Skiers and snowboarders across the state probably have more knowledge about the forecast than most people, since their favorite winter hobby revolves around the weather. We keep our eyes glued to the television when there is a big storm coming, in order see if the local weather man will bless us with the words we all long to hear. Cold front. Big storm. Powder. Backcountry skiers are even more voracious weather watchers, as slight differences in temperature, wind speed, and snowfall amounts can make or break a ski day because of avalanche danger.
Television is okay for knowing if there’s a huge dump in the next few days, but the T.V. only gives an overall picture of what to expect. Skiers need more pinpointed information specific to the Wasatch Mountains to make an informed decision on whether or not it’s worth heading for the hills (read: calling in sick to work).
The National Weather Service Forecast Office in Salt Lake City has streamlined their webpage this season to make it easier for skiers and snowboarders looking for the most up-to-date and accurate forecast. On their snow page, they’ve combined the Utah Avalanche Statement, Mountain Weather Forecast, Avalanche Warnings, Cottonwood Canyons Forecast, and the Provo Canyon Forecast. In addition, They’ve listed every linkable weather station in the Wasatch that provides hourly updates on temperature, snowfall and snow depth.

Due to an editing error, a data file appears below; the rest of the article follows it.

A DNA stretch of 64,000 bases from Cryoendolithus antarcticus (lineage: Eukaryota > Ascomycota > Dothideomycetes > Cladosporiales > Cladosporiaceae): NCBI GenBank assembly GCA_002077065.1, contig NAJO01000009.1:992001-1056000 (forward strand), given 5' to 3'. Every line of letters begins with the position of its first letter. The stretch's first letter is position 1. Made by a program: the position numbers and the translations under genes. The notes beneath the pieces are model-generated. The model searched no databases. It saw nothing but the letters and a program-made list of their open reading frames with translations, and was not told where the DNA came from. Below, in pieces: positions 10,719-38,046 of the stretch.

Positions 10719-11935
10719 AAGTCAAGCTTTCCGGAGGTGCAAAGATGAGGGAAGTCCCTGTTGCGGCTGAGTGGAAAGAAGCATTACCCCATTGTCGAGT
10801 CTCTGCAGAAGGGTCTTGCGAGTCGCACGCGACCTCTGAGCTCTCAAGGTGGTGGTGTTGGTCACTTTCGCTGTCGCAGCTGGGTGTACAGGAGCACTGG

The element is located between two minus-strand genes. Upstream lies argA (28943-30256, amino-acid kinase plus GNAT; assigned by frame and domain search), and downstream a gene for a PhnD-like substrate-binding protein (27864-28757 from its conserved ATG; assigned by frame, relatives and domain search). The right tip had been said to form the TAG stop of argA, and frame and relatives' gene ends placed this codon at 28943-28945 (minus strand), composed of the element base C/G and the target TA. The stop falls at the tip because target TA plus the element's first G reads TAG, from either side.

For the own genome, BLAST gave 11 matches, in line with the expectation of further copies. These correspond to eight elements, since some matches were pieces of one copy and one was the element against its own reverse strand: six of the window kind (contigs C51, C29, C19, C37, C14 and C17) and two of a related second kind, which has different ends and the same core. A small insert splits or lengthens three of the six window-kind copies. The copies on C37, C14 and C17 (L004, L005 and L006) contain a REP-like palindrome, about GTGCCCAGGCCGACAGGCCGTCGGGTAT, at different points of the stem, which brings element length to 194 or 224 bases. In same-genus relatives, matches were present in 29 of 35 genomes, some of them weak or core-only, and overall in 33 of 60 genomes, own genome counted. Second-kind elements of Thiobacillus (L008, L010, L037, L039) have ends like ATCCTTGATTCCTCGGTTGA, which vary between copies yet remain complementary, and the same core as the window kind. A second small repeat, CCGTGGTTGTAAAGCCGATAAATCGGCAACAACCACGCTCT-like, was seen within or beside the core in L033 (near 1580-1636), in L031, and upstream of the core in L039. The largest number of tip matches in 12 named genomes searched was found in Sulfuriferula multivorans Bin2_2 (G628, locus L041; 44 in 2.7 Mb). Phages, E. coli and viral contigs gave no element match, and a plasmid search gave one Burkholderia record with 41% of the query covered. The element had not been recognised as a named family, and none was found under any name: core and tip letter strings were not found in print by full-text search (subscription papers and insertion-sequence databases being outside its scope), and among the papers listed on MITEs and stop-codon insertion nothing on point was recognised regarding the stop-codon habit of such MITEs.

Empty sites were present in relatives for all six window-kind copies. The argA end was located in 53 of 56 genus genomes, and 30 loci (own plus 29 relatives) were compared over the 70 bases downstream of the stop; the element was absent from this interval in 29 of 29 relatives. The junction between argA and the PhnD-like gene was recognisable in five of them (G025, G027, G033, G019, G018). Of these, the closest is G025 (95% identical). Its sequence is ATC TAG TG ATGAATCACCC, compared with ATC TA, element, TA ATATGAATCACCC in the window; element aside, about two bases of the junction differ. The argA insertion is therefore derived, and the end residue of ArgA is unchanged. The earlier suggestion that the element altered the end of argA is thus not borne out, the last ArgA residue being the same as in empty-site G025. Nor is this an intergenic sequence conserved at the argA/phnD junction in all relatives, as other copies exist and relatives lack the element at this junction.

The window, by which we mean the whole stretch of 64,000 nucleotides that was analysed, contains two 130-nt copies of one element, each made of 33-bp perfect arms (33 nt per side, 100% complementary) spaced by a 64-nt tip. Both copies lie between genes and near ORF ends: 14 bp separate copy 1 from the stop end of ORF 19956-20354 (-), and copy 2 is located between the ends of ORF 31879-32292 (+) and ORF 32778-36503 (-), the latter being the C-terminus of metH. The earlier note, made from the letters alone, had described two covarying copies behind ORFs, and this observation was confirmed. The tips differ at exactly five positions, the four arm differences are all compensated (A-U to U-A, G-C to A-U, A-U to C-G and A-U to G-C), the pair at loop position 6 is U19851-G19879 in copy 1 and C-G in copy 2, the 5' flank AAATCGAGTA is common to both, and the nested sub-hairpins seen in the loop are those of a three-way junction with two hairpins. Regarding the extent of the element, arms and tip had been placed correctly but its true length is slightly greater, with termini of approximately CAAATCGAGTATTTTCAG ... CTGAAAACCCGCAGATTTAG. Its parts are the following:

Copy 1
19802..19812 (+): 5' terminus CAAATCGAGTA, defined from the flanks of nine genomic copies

The NOAA has also created a sort of online television weather segment called the Weather Event Briefing. If there is a storm on the horizon, they’ll put together a narrated slideshow with detailed information on what to expect from the approaching storm.
In addition, the NOAA has even optimized the Salt Lake City webpage for mobile phones with the Wasatch Snow Information on the Go feature. So if you’re driving up the canyon and the snow starts falling, you can whip out your phone to check to see what’s happening.
All of us who enjoy winter recreation in the Wasatch, whether skiing, snowboarding, snowshoeing or snowmobiling, are lucky to have the NOAA website as a resource to make wise safety decisions before driving on icy roads unprepared, or entering avalanche terrain. Of course, for many of us, it’s also a useful tool to find out if it snowed enough to justify calling in sick to work.